Judge Dismisses 'History-Sniffing' Lawsuit Against Advertisers, But Not Ad Network


A federal judge has dismissed a consumer's potential class-action lawsuit against four major advertisers -- McDonald's, CBS, Mazda and Microsoft -- that were accused of acting in concert with the ad network Interclick to use controversial "history-sniffing" techniques for online tracking.  

U.S. District Court Judge Deborah Batts in New York also narrowed the consumer's case against Interclick, but did not entirely dismiss the lawsuit against the ad network.

The litigation dates to December, when New York resident Sonal Bose filed suit against Interclick for allegedly violating a host of laws, including a federal computer fraud statute and various state laws. Several weeks later, Bose sued the four marketers, alleging that they worked with Interclick to mine people's Web-surfing history for marketing purposes.



History-sniffing technology exploits a vulnerability in browsers to discover which Web sites users previously visited. Researchers from the University of California, San Diego brought the technique to light last year when they published a paper explaining the technique and naming 46 Web sites where history-sniffing technology was being deployed.

The number of ad networks using history-sniffing technology is not clear, but several weeks ago a Stanford researcher reported that Epic Marketplace was deploying the controversial technique. After the report came out, Epic abandoned the practice.

McDonald's and the other marketers sued by Bose argued that the allegations against them should be dismissed as speculative. Batts agreed, ruling that Bose did not allege any "specific interaction" with the advertisers, or that they even knew about Interclick's alleged activities.

For its part, Interclick successfully argued that the computer fraud allegations should be dismissed because the federal statute only allows for lawsuits if consumers suffer damages totaling at least $5,000. Batts agreed that Bose had not sufficiently alleged economic damages.

But in a portion of the ruling that marks a defeat for Interclick, Batts denied the ad network's motion to dismiss two state law counts, including a claim that it violated a statute regarding deceptive business practices.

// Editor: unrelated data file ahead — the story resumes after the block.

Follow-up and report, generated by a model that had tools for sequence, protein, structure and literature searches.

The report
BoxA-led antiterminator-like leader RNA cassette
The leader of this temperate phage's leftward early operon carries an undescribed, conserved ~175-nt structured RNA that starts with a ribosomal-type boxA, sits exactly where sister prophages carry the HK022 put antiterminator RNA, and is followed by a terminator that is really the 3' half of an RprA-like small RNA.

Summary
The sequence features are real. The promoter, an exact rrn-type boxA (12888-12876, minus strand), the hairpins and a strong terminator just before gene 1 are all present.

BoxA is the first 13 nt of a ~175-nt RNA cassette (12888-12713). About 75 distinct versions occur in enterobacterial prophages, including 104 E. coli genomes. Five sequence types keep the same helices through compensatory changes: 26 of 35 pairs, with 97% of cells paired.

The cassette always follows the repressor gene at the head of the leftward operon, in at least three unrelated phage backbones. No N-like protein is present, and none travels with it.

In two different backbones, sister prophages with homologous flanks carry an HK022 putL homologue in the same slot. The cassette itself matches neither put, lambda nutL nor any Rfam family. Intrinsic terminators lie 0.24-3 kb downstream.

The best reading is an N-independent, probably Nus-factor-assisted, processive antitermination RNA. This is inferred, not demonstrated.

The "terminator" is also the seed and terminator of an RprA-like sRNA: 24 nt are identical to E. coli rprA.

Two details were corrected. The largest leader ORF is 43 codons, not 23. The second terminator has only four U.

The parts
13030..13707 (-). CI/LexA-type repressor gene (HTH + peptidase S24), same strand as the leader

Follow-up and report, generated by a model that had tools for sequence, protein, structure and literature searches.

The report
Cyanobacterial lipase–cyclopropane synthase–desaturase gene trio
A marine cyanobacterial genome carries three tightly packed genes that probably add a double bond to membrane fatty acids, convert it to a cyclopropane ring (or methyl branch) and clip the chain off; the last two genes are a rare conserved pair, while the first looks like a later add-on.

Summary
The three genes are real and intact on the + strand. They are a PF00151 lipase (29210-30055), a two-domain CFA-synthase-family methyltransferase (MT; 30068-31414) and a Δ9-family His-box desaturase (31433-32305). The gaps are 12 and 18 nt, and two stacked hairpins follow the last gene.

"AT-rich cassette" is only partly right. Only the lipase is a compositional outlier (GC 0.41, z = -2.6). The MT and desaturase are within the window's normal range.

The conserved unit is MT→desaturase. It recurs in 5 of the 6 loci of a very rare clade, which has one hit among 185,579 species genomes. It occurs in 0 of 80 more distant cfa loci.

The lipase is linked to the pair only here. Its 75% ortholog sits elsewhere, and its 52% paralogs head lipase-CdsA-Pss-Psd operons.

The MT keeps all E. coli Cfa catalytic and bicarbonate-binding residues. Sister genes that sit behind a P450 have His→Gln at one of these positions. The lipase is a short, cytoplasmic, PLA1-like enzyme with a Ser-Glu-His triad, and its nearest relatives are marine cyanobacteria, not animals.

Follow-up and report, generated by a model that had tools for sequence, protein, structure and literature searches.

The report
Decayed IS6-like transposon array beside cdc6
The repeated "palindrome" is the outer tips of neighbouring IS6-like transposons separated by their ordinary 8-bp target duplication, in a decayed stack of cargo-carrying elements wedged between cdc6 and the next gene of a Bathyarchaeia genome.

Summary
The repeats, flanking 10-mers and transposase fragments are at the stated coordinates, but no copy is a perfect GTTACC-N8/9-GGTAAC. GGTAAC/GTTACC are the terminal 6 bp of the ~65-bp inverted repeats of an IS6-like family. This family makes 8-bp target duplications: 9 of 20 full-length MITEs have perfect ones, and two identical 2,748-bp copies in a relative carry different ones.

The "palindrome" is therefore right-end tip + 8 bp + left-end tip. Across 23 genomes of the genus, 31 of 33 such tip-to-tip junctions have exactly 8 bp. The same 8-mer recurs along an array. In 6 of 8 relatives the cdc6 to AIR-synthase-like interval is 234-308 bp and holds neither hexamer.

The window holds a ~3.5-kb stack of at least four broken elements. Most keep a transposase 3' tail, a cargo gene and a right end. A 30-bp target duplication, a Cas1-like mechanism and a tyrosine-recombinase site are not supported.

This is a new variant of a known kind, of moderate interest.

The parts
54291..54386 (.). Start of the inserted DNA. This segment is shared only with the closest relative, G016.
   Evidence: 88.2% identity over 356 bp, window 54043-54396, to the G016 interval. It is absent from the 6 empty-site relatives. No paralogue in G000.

Attorney Scott Kamber, who filed the case on behalf of Bose, characterized the ruling regarding Interclick as a partial victory, noting that the litigation could now move forward. "We're satisfied and pleased to see that the judge has recognized that there is a wrong here that can be remedied," he said.

Kamber said he is still evaluating options with regard to the advertisers.

Batts' ruling dismissing the computer fraud count against Interclick was consistent with a decision made 10 years ago in a privacy lawsuit against DoubleClick stemming from its use of cookies to collect data about Web users' activity. In that case, U.S. District Court Judge Naomi Reice Buchwald in New York ruled that DoubleClick's collection of online data didn't violate the federal computer fraud statute because it did not cause $5,000 worth of damage.

More recent rulings have been mixed. Last year, a federal judge in Montana ruled that consumers could proceed with computer fraud allegations against the Internet service provider Bresnan Communications. That case stems from Bresnan's arrangement with defunct behavioral targeting company NebuAd, which partnered with ISPs to glean data about users' Web activity which would then be used to serve them targeted ads.

Earlier this year, however, a federal judge in California dismissed a lawsuit against ad network Specific Media, which was accused of using Flash cookies for tracking. But an revised version of that case was filed in May and remains pending in federal court in the Central District of California.

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